(Picture left: Daisy....a desperate owner's pleas)
Many people, not wanting to pay an "owner surrender fee" or, in some cases, not wanting to answer questions, turn over their pets as "strays."
Unfortunately, when an animal is designated as a "stray," it means there is NO information regarding the dog or cat's prior living situation, background or behavior.
Many shelters, trying to get around this dilemma, have developed so-called, "Temperament Evaluations," but as noted numerous times, the tests come with their own sets of problems, primary among them is the difficulty of accurately assessing animals in a high stress, unfamiliar and unnatural environment.
But, sometimes we get lucky and are actually able to track down an animal's previous circumstance.
Such is the case with "Daisy," a pretty, 4-year-old Collie/Shepherd/Chow mix who was dropped off at the Staten Island animal control shelter some days ago by a woman claiming to have "no time for" the dog.
Upon further questioning, it was learned the woman had only had Daisy one day after "adopting" the dog from an older woman who could no longer keep Daisy.
One of the shelter staffers was able to later get in contact with Daisy's original owner.
The senior citizen told "Joanne" that she had Daisy since the dog was an adolescent. But, passage of time had taken a toll on the woman's health. Additionally, Daisy was stressed and difficult any time the woman's small grandchildren came to visit.
Many people don't seem to realize that for animals who live with senior citizens, the occasional visits of small children can be very disorienting and stressful. There is huge difference between the usually slow movements and general quietness of elderly people and the fast and noisy antics of young children.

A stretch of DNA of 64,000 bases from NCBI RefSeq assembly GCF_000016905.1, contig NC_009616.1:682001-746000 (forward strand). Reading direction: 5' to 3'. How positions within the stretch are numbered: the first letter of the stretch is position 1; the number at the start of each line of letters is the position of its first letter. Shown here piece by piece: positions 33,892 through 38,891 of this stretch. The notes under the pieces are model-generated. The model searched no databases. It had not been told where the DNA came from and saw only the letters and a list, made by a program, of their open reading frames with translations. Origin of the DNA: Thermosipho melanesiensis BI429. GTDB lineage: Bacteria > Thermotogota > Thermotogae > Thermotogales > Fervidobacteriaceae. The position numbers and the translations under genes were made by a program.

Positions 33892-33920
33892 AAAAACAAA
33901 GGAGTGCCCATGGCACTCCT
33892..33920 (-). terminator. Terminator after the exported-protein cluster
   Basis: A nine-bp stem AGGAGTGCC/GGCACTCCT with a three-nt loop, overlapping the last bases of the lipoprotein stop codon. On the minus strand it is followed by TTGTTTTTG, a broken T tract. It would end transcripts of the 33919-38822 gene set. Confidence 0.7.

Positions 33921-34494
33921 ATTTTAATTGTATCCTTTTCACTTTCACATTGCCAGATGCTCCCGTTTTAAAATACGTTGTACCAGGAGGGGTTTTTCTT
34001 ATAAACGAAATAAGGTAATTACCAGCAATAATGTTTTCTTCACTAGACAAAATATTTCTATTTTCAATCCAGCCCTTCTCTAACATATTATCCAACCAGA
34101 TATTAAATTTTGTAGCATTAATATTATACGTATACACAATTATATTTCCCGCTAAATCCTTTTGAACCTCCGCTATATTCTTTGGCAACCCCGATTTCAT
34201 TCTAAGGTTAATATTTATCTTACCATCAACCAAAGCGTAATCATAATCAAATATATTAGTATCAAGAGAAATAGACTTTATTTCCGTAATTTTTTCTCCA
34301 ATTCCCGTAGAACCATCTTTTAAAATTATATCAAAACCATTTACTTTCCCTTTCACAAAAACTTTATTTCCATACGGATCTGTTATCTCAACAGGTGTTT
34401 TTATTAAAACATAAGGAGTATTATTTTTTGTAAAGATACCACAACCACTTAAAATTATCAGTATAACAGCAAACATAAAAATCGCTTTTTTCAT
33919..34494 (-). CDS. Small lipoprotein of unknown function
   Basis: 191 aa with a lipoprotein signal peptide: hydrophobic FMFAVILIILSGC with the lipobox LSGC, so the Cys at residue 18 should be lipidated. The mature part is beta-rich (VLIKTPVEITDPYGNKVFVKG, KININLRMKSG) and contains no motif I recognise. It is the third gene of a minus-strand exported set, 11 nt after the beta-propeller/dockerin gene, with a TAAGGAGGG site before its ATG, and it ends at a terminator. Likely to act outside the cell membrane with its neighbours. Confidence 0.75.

Some dogs mistakenly perceive the children as a sort of "threat" to protect their vulnerable owners from.
Such should not be a terribly difficult problem to solve with some understanding, patience and in some cases, expert help from a trainer.
But, usually senior citizens don't have the knowledge, energy or finances for such.
Joanne tried to reassure the elderly woman that the shelter could try to seek rescue for Daisy, but the woman, apparently disillusioned that the person she gave Daisy to callously dumped the dog at the pound after only one day, became skeptical.
"I don't want Daisy passed from home to home or abandoned on the streets! It's better she be put to sleep than tossed around!"
But, Joanne persisted in trying to get more information from Daisy's former owner, who at this point, was extremely distraught and crying on the phone to Joanne.
Joanne was assured that Daisy had never bitten anyone, despite the dog's somewhat nervous behavior with the vets at the shelter.
I learned all this the other day after calling the shelter to pull Daisy from the Euthanasia list.
Daisy has since been sent to Manhattan where I am currently boarding her.
Knowing her circumstance and background as we do now, it is not surprising that Daisy would initially have some "adjustment" issues, unless going to a very quiet home with a senior citizen (what the dog is accustomed to).
But, its unlikely we would seek such placement for a comparatively young, healthy dog who would need a moderate amount of exercise.
I am going to need someone special who can understand and be patient with the dog's now dramatic adjustments from a quiet home with a senior citizen to the stresses of a shelter, going into rescue and boarding and eventually going to a new home and entirely different set of circumstances.
Do such people exist?
Sure. But, they are very hard to find -- especially these days, in what is now a very economically challenged climate.
Imagine the total despair and seeming hopelessness of an elderly woman pleading for her beloved dog to be "euthanized" rather than to be put through the rigors of repeated adoptions and rejections.
Was the woman wrong?
The real tragedy is I cannot answer that question with any certainty or confidence.
I just feel we have to try for Daisy. -- PCA